Hong Kong as Top Asian Business Hub at Risk
Trade activities between Hong Kong and the U.S. will lessen significantly if Washington goes ahead and revokes Hong Kong’s special trade status, says former White House trade expert, Clete Willems.
U.S. President Donald Trump threatened last week to withdrawal U.S. special trade relations with Hong Kong after China approved the implementation of the controversial Security and Legislation Law on Hong Kong.
The Security law suppresses political protests. Moreover, it takes precedence over the existing legislation of Hong Kong as a special administrative region from Mainland China. The move has stirred heated protests from Hong Kong residents. They have been demonstrating in the streets against China’s plan to increase its hold on the city.
US-Hong Kong Trade Relations
In 2018, the Office of U.S. Trade Representative report said that trade in goods and services between the U.S. and Hong Kong was worth $60 billion. $50.1 billion in exports from the U.S. and $16.8 Billion in imports from Hong Kong.
The special trade status exempts Hong Kong from tariffs that the U.S. has imposed on mainland China. This is due to the ongoing trade war. If the U.S. decides to revoke Hong Kong’s special trade status. It would also affect over 1300 American companies operating in the Chinese City.
According to Willem, Hong Kong is not a huge Asian manufacturing hub. But the new security law would affect its role as a financial hub for China and the Asia Pacific region. Moreover, tariffs are a secondary concern. Compared to other issues that would result from the revoked special trade status, according to Willems’
“What’s really significant is going to be export controls. Do we stop U.S. technology from going to Hong Kong without a license? Do we have different tech treaties, aviation treaties with Hong Kong?”
Hong Kong’s Access to Sensitive Products in Jeopardy
A report by Capital Economics research firm said the revoked order would also cause the U.S. to restrict the sale of sensitive technologies from firms based in Hong Kong.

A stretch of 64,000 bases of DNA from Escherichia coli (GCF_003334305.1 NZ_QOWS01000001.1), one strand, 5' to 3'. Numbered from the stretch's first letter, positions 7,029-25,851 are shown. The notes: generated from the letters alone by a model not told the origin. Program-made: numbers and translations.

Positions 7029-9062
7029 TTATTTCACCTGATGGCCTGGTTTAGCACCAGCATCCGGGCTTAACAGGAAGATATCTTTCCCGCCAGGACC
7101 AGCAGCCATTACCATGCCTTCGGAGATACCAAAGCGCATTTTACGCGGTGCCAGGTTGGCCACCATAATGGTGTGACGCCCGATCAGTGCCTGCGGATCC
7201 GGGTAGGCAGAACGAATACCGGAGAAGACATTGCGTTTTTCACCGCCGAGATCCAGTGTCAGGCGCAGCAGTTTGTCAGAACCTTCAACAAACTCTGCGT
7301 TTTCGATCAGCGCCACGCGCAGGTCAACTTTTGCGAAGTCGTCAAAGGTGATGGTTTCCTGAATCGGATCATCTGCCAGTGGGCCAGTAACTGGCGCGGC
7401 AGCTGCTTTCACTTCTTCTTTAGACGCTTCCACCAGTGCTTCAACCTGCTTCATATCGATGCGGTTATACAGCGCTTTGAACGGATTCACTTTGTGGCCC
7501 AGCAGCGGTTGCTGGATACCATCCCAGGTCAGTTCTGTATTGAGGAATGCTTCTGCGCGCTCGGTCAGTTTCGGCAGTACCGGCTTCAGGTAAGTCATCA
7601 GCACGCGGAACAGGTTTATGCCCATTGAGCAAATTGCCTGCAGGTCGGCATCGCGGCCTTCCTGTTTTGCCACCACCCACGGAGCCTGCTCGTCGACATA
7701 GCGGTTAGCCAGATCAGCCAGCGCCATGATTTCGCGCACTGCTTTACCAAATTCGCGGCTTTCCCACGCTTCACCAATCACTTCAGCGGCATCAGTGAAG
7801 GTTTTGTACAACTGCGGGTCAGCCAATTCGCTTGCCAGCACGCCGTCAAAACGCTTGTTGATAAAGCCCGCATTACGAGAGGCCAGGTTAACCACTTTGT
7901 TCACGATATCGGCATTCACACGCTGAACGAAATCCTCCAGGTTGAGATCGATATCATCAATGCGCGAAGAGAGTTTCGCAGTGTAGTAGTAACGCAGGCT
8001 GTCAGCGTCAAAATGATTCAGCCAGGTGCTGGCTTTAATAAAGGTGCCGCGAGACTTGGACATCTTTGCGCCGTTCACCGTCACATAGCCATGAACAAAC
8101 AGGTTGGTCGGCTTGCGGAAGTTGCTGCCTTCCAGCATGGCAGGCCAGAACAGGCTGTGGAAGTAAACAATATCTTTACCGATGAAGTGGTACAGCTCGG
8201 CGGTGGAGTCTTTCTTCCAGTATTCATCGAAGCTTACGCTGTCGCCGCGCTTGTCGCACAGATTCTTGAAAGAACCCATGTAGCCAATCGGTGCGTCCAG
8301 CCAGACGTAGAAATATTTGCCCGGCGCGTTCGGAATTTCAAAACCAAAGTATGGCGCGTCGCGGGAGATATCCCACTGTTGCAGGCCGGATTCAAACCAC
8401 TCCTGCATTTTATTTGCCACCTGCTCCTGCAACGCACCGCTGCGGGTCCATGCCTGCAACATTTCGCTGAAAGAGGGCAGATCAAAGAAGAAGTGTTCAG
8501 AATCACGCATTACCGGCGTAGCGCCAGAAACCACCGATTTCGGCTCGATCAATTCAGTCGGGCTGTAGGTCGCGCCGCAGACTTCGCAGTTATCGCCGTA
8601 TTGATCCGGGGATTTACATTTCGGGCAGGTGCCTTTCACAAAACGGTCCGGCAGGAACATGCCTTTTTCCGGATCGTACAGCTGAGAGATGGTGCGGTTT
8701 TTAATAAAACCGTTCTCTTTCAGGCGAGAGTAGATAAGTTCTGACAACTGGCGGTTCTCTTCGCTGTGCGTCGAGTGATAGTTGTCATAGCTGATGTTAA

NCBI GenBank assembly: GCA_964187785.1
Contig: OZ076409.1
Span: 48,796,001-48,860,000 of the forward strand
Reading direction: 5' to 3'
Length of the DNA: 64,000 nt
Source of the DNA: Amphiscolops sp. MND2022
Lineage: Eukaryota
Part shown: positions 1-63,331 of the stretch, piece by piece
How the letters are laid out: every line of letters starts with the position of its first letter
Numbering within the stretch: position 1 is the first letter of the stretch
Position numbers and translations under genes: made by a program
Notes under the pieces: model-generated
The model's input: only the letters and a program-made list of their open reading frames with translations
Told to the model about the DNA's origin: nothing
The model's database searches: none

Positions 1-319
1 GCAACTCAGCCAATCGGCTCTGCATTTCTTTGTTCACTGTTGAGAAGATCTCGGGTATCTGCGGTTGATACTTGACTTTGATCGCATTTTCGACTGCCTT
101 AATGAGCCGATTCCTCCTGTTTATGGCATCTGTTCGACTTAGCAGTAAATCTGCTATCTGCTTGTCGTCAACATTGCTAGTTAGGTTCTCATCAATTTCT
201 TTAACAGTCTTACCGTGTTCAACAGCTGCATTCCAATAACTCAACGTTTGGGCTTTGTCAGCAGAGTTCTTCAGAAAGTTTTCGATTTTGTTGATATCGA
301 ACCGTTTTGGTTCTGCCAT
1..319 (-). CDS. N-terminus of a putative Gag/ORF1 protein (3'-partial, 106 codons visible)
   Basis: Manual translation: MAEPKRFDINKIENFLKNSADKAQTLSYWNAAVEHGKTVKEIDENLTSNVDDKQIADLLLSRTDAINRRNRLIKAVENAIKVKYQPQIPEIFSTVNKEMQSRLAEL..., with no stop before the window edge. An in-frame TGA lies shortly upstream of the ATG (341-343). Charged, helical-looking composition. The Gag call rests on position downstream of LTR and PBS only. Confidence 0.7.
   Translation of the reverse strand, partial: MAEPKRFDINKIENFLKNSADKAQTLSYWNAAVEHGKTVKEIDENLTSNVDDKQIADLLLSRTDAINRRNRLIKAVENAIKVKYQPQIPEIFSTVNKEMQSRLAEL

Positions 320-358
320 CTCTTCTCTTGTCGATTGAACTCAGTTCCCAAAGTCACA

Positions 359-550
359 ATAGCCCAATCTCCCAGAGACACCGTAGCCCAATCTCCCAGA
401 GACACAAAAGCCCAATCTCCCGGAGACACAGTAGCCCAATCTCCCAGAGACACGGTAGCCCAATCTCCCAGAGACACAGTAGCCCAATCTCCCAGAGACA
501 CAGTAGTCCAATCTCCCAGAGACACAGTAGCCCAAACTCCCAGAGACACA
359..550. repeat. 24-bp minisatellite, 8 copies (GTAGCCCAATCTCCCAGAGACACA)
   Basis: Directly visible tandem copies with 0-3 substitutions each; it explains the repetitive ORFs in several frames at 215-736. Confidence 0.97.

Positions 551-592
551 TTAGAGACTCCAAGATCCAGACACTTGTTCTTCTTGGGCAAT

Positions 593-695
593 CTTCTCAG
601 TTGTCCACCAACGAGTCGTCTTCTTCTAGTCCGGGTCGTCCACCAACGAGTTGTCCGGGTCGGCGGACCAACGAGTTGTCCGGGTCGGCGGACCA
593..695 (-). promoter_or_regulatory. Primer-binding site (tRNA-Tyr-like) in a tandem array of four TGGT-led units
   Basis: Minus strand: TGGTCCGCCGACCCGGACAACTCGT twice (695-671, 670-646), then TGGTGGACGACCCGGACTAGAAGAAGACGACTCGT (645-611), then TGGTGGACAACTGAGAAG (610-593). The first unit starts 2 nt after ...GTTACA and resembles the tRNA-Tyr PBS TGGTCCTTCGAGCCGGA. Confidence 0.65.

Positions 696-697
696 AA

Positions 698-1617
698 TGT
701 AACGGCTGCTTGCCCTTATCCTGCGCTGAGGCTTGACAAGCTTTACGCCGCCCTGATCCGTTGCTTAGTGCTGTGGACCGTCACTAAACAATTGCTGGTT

Economic experts predict that if the U.S. revokes the special trade deal, these firms would lose their ability to access sensitive products, and Hong Kong would start to lose its competitive edge as a business hub over mainland China.
“Knowledge-intensive products from the U.S. only make up around 5% of Hong Kong’s total imports.”
“But restricting the ability of Hong Kong-based firms to source sensitive products remove one of Hong Kong’s distinct advantages as a business location relative to mainland China,” said Mark Williams.
The two-year-long trade war between the U.S. and China has affected economic news from both countries. It is a significant part of the race to control future technology.
In a move to protect American Intellectual property from what it considers theft from China, the U.S. has implemented a new law restricting the sale of semiconductors to Chinese tech company Huawei.
“The U.S. government will have full global authority. In interpreting what chip items Huawei will be able to access going forward.” The China Renaissance reported.
The tension between U.S. and China is rising as Trump expressed his anger over China’s inability to honor the terms of the deal in 2020 due to the Coronavirus effect on China’s economy and the global economy.
“There’s a lot of political risk from blowing up the deal. The consequences would mean a tit for tat. Moreover, back and forth between the U.S. and China at a time when potential Trump voters are already suffering.” Stated Scott Ian, Chinese economy specialist at CSIS.
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